Posted by: Lisa Hill | February 25, 2015

Skin (2015), by Ilka Tampke

SkinHistorical fiction with fantasy elements is not my usual reading fare, but this debut novel from Ilka Tampke turned out to be enjoyable light reading.  It is set in Southwest Britain in AD43, just as the Roman legions are about to invade, and its heroine is a feisty girl called Ailia.

Ailia’s tribe, the people of Caer Cad, has a belief system based on ‘skin’.  At birth girls are given their skin and sung into being.   This entitles them to participate in ceremonies, and to learn the ancient knowledge of the tribal ancestors, the Mothers.

But Ailia is a foundling, abandoned on the doorstep of the Cookmother, and although she is mysteriously privileged in some ways, she does not know her ‘skin’ and so she is not permitted to learn, to marry or to participate in the rituals of her people.  Analogous to the restrictions on illegitimate children in times gone by, this lack of ‘skin’ is an implacable barrier to full participation in the life of the tribe.  This is a tribe in which women have power and authority, a tribe with a female leader called Fraid, but Ailia who is a natural leader herself, is denied it all.

With the impending Roman invasion, however, things are changing, and the handsome, sexy warrior Ruther sees opportunities where the others see only the destruction of their ancient ways.  He has travelled, and he knows the likely result of any resistance to the invaders.  Impressed by their imperial might and the magnificence of Rome, he sees tradition as a barrier to progress, and his forward-looking attitude makes him open to a relationship with Ailia despite her lack of ‘skin’.

Pulling her heart in the other direction is the enigmatic Taliesin, a man who emerges from the mysterious Old Forest where Ailia has been expressly forbidden to go.   Wilfully, she ventures into unsanctioned areas and is lured into another path that leads to enormous power – if only she had ‘skin’.    It was in this part of the novel that historical fiction sometimes gave way to fantasy and tested my engagement somewhat; I think it would have been a better novel without the magical elements but readers who enjoy fantasy will probably disagree.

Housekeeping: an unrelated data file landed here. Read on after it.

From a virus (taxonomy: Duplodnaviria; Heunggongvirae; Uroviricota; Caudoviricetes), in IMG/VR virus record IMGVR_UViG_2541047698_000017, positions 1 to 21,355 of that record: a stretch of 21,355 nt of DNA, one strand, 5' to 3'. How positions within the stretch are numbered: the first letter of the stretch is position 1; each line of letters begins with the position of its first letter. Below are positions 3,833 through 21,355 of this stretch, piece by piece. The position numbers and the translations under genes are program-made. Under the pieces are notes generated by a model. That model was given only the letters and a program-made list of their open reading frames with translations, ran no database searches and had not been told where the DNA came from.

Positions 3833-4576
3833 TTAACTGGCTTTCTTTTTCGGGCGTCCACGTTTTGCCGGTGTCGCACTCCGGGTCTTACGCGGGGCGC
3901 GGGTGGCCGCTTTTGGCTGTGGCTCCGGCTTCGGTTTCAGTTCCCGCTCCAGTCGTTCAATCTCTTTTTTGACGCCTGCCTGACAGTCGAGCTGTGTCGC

The first in a series called ‘The Song of The Kendra’, Skin is about a woman who comes to power as the ancient ways collide with the modernising Romans. Will she be the Boadicea of her tribe, and lead a revolt against the Romans?  Presumably the rest of the series will reveal all…

Author: Ilka Tampke
Title: Skin (The Song of the Kendra #1)
Publisher: Text Publishing, 2015
ISBN: 9781922182333
Source: Review copy courtesy of Text Publishing


Fishpond: Skin
Or direct from Text Publishing



  1. […] talk about pre-literate cultures and the transmission of knowledge.  Ilke is the author of Skin which I reviewed a little while ago, and it features a pre-literate society confronting the changes that came with the Roman invasion […]


  2. […] Well, I had two very good reasons.  One was that the panel included Ilke Tampke who wrote Skins (see my review) and she exemplifies the kind of writer who incorporates a bit of fantasy (or magic realism as I […]


  3. […] Songwoman, Ilka Tampke’s second novel, is the sequel to her remarkably successful novel Skin which has had international rights sold in Germany, the Netherlands, Sweden, the US, UK and Vietnam.  A blend of historical fiction and fantasy, Skin was shortlisted for the 2015 Aurealis Award for Best Fantasy Novel, and longlisted for the 2016 Voss.  You can see my review here). […]


  4. […] the one I’ve read, and it certainly wasn’t under-rated by me! It’s the sequel to Skin, which I also liked.  A blend of historical fiction and fantasy, Skin was shortlisted for the 2015 Aurealis Award for […]


  5. […] winner is Songwoman by Ilka Tampke, published by Text Publishing and is the sequel to Skin, which I also liked.  A blend of historical fiction and fantasy, Skin was shortlisted for the 2015 Aurealis Award for […]


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